Taxa Notes

Taxa Notes: The collected field notes of Dr. Alexander O’Hearn is exactly that. It contains all of the species reports, field logs, and specimen data from Odyssey I and Odyssey II. Although much of the information is out of date, exobiologists refer often to Taxa Notes when drafting their own reports on Ilian life. O’Hearn coined several new terms to describe the local biota, many of which are still used today.

Selected excerpts from Taxa Notes are presented below.


No amount of training or planning could completely prepare me for the task ahead. It is my job to piece together the biosphere of Ilion using only the tools at hand, the principles of biology, and the life contained within sixty square kilometers of riparian, shrubland, plains, and forest habitat. Wish me luck.


No specimen goes to waste. After setting up camp, we ran a chemical analysis of an unknown small animal that I unfortunately stepped on. It is carbon based. The CHON breakdown is C30 H54 N19 O7. This is similar to Earth animal life but suggests a high proportion of protein. The ash is ready to analyze but it is time for bed so that will have to go in tomorrow’s report.


The ash of the stepped-on animal contained K2O, P2O5, PbO, PbO2, Fe2O3, NaCl, CaO, MgO, and SO3. Exact amounts will have to wait until we return to Earth. Of the minerals found only the lead was a surprise. The animal died by shoe, not lead poisoning, so the heavy metal likely plays an important role in the biology of native life.


Chemical analysis of five plants yielded similar results to the animal we tested at the start (ref. table 1). They were all high in protein and lipids and low in carbohydrates. In layman’s terms, the plants are made of meat. Structures similar to muscles and blood vessels are visible in all the red plants and some of the black plants. I don’t mean to jump the gun but it looks like the plants may have evolved from an animal-like ancestor.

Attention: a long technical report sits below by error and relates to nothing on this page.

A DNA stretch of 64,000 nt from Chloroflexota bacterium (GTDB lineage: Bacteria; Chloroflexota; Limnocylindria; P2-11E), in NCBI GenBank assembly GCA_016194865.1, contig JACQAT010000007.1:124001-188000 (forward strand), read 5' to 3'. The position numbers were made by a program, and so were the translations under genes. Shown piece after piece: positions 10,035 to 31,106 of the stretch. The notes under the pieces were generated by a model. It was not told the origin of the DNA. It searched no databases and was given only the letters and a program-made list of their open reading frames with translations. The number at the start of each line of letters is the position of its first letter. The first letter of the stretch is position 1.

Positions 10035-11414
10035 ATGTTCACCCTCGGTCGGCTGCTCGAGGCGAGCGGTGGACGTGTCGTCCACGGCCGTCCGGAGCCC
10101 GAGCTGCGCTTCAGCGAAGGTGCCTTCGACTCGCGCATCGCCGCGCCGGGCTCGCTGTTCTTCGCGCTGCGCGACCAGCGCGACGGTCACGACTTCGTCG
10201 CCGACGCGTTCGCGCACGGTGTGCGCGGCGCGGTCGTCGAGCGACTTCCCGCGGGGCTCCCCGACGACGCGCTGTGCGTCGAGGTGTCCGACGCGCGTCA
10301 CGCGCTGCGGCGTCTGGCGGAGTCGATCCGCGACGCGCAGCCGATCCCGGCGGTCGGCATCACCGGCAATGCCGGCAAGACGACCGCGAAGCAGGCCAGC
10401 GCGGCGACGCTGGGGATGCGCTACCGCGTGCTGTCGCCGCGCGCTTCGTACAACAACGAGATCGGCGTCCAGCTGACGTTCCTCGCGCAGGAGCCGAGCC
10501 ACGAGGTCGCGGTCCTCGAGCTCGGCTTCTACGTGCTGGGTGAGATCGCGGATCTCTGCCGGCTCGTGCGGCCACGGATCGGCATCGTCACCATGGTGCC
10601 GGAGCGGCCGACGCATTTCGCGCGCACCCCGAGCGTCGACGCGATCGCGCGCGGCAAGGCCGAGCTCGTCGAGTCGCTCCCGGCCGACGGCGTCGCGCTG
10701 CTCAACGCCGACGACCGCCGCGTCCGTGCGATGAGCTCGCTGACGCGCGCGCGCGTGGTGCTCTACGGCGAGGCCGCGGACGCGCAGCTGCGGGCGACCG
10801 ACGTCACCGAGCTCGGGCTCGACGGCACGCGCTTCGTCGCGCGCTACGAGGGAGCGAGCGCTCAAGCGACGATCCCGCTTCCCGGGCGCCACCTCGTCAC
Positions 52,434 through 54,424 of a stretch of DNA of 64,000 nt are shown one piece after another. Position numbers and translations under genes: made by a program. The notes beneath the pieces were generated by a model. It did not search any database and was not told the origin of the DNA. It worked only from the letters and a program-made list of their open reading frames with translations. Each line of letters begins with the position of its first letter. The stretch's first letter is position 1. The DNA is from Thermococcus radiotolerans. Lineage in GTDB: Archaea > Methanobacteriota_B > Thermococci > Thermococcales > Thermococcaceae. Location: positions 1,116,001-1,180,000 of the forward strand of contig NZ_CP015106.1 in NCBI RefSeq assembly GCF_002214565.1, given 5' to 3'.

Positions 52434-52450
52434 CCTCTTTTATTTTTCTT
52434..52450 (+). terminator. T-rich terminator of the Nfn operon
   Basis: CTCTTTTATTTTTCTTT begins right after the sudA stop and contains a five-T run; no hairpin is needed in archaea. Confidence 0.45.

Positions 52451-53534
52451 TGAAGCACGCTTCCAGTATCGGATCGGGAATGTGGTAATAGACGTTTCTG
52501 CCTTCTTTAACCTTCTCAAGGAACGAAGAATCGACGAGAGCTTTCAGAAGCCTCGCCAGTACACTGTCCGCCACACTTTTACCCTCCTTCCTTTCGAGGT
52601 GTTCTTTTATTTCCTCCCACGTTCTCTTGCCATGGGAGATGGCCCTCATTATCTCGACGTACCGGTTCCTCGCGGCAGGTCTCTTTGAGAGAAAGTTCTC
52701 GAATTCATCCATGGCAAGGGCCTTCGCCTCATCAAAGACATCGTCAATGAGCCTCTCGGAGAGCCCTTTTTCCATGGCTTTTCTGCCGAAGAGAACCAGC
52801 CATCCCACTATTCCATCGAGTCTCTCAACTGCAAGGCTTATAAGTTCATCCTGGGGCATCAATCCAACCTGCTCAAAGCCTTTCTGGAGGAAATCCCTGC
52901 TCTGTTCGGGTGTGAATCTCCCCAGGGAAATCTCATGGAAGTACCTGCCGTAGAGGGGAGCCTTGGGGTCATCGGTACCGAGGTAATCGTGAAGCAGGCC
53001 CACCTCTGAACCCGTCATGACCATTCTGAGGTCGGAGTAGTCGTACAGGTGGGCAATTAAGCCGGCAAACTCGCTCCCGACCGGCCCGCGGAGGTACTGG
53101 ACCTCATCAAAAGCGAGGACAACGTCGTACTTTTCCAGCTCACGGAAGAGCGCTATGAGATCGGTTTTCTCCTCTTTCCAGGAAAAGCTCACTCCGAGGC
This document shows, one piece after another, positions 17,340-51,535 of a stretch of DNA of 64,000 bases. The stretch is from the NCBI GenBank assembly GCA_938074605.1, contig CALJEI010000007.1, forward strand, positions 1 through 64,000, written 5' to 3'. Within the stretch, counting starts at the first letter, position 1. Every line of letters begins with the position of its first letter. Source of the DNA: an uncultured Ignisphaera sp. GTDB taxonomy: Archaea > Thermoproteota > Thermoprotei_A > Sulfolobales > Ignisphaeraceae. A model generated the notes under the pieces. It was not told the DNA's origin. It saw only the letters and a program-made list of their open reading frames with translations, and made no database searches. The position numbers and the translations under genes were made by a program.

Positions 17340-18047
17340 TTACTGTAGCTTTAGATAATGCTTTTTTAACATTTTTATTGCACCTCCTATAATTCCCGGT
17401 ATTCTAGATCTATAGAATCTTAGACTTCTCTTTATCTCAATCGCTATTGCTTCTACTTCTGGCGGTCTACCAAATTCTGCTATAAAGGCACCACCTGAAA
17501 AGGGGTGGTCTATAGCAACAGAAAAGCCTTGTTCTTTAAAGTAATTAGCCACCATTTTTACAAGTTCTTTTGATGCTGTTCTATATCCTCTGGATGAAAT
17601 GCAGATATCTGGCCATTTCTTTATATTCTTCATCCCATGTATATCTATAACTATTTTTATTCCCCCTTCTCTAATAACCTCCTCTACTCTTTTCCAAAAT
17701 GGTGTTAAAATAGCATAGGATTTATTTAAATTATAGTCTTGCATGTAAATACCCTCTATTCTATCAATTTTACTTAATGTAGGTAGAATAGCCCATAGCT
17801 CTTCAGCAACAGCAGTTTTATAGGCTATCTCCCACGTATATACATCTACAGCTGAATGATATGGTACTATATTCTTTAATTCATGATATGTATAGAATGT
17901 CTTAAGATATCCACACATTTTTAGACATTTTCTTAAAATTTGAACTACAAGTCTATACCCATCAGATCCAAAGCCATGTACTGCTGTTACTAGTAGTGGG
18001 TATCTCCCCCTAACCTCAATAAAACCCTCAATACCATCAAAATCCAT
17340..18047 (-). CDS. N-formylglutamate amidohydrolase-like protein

From here on I define brachydermy as branching or protrusion of the skin. There are several reasons we think this trait is convergent rather than ancestral (that is, it evolved more than once). First, the structures take on many appearances inward and outward. Histology shows that of the three species we have found that exhibit the trait (ref. specimens 2.7, 2.8, 2.43), only two have vascularized protrusions. The third builds its integument out of dead cells and neuroskeleton.

For those that have vascularized skin branches, we would like to find out why. Thermoregulation is the obvious answer but there are other functions we must not rule out, such as display. I have a theory that at least some of the animals can see near infrared light. If that is true, then perhaps the brachydermic animals will “blush” in response to a threat, either to startle the aggressor, break up its own outline, or blend into its surroundings. A series of simple experiments with the infrared camera should resolve this question.


So far I see five broad categories of land animal. First and most common are the six-legged animals with a mouth on their chest (referred to from here on as thoracostomes), thoracostomes with fourteen legs, fourteen-legged animals with the mouth up front (anteriostomes), hairy eight-legged anteriostomes which resemble grubs more than spiders, and finally, the star walrus which eludes classification. It has four fins and a fluke, no hair, a mouth up front, eight tentacles encircling a toothy mouth, and a pair of tusks.

Plants can be divided into two groups, black and red. Besides color they differ in several key ways. Red plants have fleshy leaves that grow from a central body which sometimes contains organs more familiar to zoologists than botanists. One such plant is a reed that grows by the riverside. Its stems are thick and contain blood vessels from which a pulse can be read. Dissection of the rhizome reveals two hearts in succession and an organ that looks suspiciously like a stomach.

Black plants have vestiges of these organs, suggesting a red plant ancestry, but their outward morphology couldn’t be more different. They look like plants. Some are short and woody, while others are tree-like and bend easily in the wind like overgrown saplings. All have one thing in common, and it is not their color – some black plants are completely red. But all are covered fur or feathers that upon closer inspection are actually tiny leaves with a single capillary running through to the tip. In the field we call these microphylls and they are seen in conifers and lycophytes on Earth. Terrestrial microphylls are terminal and transpiration drives the movement of fluids, whereas on Ilion the capillaries loop around and fluid is actively pumped. Transpiration may still play a role but we will have to conduct further research to say for certain.


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